I don't' write much about Canadian radio. I try to narrow my focus to the U.S. History is a many splendored muddy mess. Without a narrow focus there is no cohesion. But Ted did something that mattered everywhere to every radio. So for him I'll bend the rules a little.
When people write about Edward "Ted" Samuel Rogers, they normally follow his name with adjectives like pioneer and visionary. By the age of 11, in the year 1912 he was already broadcasting with a spark gap transmitter. He had one of the very first amateur licenses on Canada. His call sign was 3BP on 300 meters. He was ahead of the curve in every way. In 1921 he successfully transmitted a signal across the Atlantic in an ARRL competition.
In 1922 he builds another radio station 9AH for the Toronto Star the local daily news paper. It later becomes CFCA and is the first commercial radio station in Toronto. Prior to 1925 all broadcasting and receiving required a battery. Ted fixed that. He invented the world's first alternating current radio tube. This was huge. A radio could now be plugged into an ordinary 110v wall outlet.As a side benefit switching from DC to AC eliminates the hum of battery power. Radio audio is significantly clearer.
He founded the Standard Radio Manufacturing Corporation in Toronto and began cranking out AC powered radios. rapidly they became a huge manufacturer and supplier of radios for all of North America.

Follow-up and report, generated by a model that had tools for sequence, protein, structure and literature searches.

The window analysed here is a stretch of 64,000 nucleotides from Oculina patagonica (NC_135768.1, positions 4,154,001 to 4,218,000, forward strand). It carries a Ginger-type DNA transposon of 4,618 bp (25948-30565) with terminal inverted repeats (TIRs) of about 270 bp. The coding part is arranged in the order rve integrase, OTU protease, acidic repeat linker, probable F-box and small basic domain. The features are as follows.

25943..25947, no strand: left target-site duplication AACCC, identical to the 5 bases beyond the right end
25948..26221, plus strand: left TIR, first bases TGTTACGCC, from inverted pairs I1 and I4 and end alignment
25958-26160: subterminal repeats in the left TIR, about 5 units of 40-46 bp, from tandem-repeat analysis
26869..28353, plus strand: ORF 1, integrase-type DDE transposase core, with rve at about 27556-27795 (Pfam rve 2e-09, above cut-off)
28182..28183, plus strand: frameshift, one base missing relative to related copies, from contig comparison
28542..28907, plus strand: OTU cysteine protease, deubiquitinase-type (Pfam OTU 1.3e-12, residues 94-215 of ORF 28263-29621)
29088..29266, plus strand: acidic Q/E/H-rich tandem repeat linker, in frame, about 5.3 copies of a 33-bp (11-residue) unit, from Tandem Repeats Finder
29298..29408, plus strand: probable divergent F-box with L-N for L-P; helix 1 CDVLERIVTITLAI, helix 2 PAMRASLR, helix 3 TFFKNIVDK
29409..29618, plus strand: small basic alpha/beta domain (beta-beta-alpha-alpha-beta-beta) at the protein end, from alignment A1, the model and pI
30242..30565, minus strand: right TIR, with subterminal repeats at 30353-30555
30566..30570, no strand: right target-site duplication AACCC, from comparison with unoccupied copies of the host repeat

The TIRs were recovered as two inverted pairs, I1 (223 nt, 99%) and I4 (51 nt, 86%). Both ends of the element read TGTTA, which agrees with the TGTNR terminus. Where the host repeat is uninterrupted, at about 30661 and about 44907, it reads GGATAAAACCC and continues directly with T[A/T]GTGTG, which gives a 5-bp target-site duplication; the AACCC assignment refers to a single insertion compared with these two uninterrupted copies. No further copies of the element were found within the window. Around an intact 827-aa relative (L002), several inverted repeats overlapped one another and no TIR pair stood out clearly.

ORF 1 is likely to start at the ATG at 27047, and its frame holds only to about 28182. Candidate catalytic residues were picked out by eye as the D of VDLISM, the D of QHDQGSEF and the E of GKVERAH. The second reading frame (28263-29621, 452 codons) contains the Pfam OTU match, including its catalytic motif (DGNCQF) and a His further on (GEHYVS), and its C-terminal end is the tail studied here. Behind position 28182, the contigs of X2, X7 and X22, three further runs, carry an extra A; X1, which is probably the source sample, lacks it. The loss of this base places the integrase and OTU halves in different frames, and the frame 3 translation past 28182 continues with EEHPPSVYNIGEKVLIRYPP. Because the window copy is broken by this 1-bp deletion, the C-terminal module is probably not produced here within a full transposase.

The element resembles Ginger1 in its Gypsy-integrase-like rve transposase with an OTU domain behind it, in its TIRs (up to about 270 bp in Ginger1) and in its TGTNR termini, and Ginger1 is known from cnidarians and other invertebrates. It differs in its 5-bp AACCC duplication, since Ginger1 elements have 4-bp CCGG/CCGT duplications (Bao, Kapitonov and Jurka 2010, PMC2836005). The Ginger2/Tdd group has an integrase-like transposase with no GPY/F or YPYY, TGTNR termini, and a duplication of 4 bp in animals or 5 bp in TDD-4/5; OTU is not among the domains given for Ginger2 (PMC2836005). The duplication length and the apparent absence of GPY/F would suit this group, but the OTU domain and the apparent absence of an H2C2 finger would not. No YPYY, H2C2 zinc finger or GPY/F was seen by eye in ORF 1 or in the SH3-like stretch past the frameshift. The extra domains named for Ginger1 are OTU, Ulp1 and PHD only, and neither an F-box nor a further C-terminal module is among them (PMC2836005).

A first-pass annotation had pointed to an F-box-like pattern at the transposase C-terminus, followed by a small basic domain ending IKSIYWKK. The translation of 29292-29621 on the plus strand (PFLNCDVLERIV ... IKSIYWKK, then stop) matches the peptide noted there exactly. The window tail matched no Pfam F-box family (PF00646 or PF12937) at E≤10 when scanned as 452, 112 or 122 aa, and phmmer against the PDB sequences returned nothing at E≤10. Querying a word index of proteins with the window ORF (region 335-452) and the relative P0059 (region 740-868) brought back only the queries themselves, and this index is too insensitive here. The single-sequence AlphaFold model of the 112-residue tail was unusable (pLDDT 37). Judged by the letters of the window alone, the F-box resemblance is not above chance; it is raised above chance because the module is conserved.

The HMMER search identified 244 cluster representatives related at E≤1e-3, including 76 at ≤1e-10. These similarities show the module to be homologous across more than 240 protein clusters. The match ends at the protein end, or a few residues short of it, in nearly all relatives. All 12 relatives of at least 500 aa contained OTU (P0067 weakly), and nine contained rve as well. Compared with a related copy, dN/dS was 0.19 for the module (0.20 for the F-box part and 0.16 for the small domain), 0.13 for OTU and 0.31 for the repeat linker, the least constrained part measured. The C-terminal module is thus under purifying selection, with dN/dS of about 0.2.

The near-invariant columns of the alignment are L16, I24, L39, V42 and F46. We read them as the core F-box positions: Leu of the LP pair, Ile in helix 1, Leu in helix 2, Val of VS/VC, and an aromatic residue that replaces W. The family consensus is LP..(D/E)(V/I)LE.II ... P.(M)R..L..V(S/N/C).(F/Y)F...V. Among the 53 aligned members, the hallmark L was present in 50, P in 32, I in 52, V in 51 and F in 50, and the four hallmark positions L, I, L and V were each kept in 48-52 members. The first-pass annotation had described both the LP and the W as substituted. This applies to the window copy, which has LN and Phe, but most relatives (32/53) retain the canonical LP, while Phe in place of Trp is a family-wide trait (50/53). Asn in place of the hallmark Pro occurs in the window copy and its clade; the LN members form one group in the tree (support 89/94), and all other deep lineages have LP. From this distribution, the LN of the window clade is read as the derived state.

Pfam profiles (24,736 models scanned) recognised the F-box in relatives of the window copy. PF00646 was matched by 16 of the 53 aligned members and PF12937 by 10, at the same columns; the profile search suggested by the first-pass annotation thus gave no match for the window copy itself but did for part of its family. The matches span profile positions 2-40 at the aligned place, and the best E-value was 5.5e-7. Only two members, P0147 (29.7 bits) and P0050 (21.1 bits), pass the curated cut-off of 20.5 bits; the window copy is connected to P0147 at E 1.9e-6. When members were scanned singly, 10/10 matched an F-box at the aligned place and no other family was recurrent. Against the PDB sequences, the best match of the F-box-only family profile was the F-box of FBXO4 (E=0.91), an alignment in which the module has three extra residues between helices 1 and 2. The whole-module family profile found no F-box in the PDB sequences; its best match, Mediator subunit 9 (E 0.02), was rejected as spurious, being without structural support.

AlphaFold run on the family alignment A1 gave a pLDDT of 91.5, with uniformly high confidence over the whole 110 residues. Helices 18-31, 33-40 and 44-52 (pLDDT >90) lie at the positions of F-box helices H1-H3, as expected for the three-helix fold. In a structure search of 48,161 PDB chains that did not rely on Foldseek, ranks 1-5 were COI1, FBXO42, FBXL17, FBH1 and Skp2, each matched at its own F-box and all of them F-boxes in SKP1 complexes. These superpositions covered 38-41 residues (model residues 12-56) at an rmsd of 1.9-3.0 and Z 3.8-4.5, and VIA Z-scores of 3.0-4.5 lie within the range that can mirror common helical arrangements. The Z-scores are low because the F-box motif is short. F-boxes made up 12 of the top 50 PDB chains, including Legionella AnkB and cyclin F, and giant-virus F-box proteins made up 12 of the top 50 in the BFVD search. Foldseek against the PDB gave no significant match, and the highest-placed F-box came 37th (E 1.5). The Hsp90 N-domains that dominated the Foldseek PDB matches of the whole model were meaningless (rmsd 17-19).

The next year he followed that up by founding the world's first battery-free radio station CFRB. And CFRB is still on the air today but many people have forgotten that their calls stand for Canada's First Rogers Batteryless. But Ted kept rolling. He was first to develop a power rectifier pentad tube, and the spray-shield tube. In 1931, Rogers was granted the first television license. In the middle of a winning streak he died suddenly of an aneurysm at the age of 39.His son, Ted, Jr. eventually took over Rogers Telecommunications and did right by his dad. Ted Jr. popularized FM radio in Canada, and built a communications empire. While in the U.S he's downplayed in history (Like the Ruskies taking Berlin!) Canada celebrates him. They released a set of stamps commemorating his contributions in 2000. That same year the Gage Publishing Company released a somwhat lionized but good biography. At the University of Toronto the Electrical Engineering Department is named after him. There his reputation verges on folk hero, which in all honestly is closer to the truth.